"You are a very brave man, Master Marphin, and I am sorry for your loss." Marphin looked startled, slightly pleased, but more confused by this sudden sentiment. "When Ravage is slain, I shall petition the king to reward you for this valuable information." At this, Marphin's eyes widened with evident pleasure. "Meanwhile, I humbly offer you these few copper pieces to keep your belly full. It's no good to go tracking ogres on an empty stomach." With that, Sir Connor again pulled out his leather pouch, grabbed a handful of coins, and reached them over to his interlocutor. Marphin appeared sceptical, but Sir Connor nodded his head and said, "Yes, yes," until the man opened his hand and accepted the gift. With that, Sir Connor stood up promptly and exited the inn.
Sir Connor tried to remain alert, but it was difficult in the dark when we was so tired. The last four days he had scouted the swamp constantly during the day and waited silently but attentively at night. He had slept some, but only fitfully, in part because he was terrified of being surprised by the ogre that he was pursuing. He had learned eventually where Ravage had his camp and he knew the paths that the ogre travelled when he left the swamp. All of them converged at a point some eighty yards from the camp, and it was there that Sir Connor had set a bear trap. He knew it would not be enough to hold the ogre, but he hoped it would at least hurt him and slow him down.
He waited anxiously. He wanted to know if the trap worked, and he wanted to get the waiting over with before he fell asleep. But there was nothing he could do to make Ravage return any faster, so he contented himself with playing over scenarios in his mind, imagining what would happen if he finally got a chance to speak with the ogre.
He must have drifted off, because the shout he heard startled him more than he expected. It was like a human shout, but deeper and louder than anything Sir Connor had ever experienced. He was perhaps fifty yards from where he had set the trap, but the yell sounded much closer. Subsequent yells followed at brief intervals, then there was a silence for a while, and then another, more plaintive cry of agony that continued for what seemed an impossibly long time. After another silence, Sir Connor heard the "whoosh" of a thrown object and a splash.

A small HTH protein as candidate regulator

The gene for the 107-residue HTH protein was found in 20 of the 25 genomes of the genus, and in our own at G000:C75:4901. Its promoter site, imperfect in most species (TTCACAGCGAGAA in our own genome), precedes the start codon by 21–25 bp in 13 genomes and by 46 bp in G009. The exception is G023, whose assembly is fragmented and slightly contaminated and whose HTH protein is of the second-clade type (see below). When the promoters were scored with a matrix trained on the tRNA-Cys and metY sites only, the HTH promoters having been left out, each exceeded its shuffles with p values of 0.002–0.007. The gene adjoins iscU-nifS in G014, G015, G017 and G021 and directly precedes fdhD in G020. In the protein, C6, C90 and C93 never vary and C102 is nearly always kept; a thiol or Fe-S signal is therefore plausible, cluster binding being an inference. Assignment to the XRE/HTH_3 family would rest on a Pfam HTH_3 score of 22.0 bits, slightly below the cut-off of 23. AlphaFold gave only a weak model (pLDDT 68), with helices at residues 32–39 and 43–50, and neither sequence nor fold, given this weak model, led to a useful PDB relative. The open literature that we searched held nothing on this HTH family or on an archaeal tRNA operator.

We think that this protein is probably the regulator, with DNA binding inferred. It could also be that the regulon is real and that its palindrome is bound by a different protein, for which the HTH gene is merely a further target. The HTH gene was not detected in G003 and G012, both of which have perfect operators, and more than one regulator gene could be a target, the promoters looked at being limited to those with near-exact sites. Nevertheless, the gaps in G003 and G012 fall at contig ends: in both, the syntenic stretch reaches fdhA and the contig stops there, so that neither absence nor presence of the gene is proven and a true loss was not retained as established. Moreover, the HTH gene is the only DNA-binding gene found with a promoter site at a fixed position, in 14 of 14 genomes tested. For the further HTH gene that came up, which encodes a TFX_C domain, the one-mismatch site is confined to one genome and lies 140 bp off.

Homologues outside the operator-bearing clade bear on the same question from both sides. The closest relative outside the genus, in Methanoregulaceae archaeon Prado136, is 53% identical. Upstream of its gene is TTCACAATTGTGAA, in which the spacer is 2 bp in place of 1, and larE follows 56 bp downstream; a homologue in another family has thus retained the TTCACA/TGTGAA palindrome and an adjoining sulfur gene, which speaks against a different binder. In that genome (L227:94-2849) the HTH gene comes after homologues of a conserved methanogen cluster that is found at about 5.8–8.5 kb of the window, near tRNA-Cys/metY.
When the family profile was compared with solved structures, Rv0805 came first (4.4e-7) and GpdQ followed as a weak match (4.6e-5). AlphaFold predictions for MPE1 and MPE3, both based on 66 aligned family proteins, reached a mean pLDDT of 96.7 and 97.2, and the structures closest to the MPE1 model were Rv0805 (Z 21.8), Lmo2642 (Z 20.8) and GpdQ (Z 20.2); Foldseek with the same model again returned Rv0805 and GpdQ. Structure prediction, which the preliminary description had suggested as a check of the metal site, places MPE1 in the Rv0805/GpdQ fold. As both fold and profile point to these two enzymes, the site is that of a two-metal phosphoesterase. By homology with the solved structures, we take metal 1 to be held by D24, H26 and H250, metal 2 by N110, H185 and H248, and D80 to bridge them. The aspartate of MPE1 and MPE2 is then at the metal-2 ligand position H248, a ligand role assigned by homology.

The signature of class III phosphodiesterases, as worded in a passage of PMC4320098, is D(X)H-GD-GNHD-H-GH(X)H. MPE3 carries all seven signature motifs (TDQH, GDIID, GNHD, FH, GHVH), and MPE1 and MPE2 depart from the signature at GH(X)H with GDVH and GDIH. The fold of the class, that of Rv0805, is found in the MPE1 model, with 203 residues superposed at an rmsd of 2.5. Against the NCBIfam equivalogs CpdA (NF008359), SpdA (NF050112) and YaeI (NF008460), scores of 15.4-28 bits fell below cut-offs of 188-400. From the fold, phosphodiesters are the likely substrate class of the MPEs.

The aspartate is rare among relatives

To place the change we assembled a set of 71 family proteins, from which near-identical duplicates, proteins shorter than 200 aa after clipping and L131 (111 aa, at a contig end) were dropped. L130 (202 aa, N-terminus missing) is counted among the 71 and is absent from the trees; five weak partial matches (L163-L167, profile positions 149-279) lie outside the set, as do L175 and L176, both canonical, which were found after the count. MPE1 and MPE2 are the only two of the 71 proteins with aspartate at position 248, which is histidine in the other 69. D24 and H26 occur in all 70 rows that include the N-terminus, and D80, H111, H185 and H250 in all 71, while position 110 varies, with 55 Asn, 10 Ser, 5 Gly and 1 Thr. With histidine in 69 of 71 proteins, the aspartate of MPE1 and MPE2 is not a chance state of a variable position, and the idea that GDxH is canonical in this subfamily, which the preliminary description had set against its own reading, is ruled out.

Now he was wide awake, although again impatient for something else to happen. Minutes passed. He began to fear that Ravage, having been caught in the trap, suspected his presence and was searching for him. Not long after, however, he had the snapping of undergrowth beneath the ogre's feet, with a cadence suggesting a distinct limp: crunch, drag, crunch, drag. This was not Sir Connor's first sight of Ravage, but it was the closest he had come, and he could not help feeling awed by the silhouette of the great creature towering so high not thirty yards from where he sat.
Sir Connor waited. He was not sure of his exact plan, but thought it would be as well to let Ravage settle down before beginning a parlay with him. The ogre seemed quite busy for a while, shuffling around his camp, moving things to and fro. At length he started a fire, which grew to quite a substantial size, a veritable bonfire for normal humans. It took Sir Connor a longish time to adjust to the light, and often Ravage was positioned either directly behind it or in front of it so that he was hidden or simply an outline. Finally Sir Connor got a good view of Ravage as he stood near the fire, apparently roasting something.
He could have been human at that distance. Kind of an ugly and misshapen human, but with a distinctly anthropomorphic form. His hair hung down in long locks around his neck; his nose seemed to protrude to an enormous distance from his face; his lower jaw jutted out as well, creating a very angular profile. To Sir Connor's surprise, Ravage did not seem at all rotund, but projected a rather gaunt figure when he stood up. It was impossible to discern more details at his distance, but Sir Connor saw enough to know that the ogre was far larger than any man he had ever seen and possessed a large, powerful mouth that ripped up food and broke bones with ease.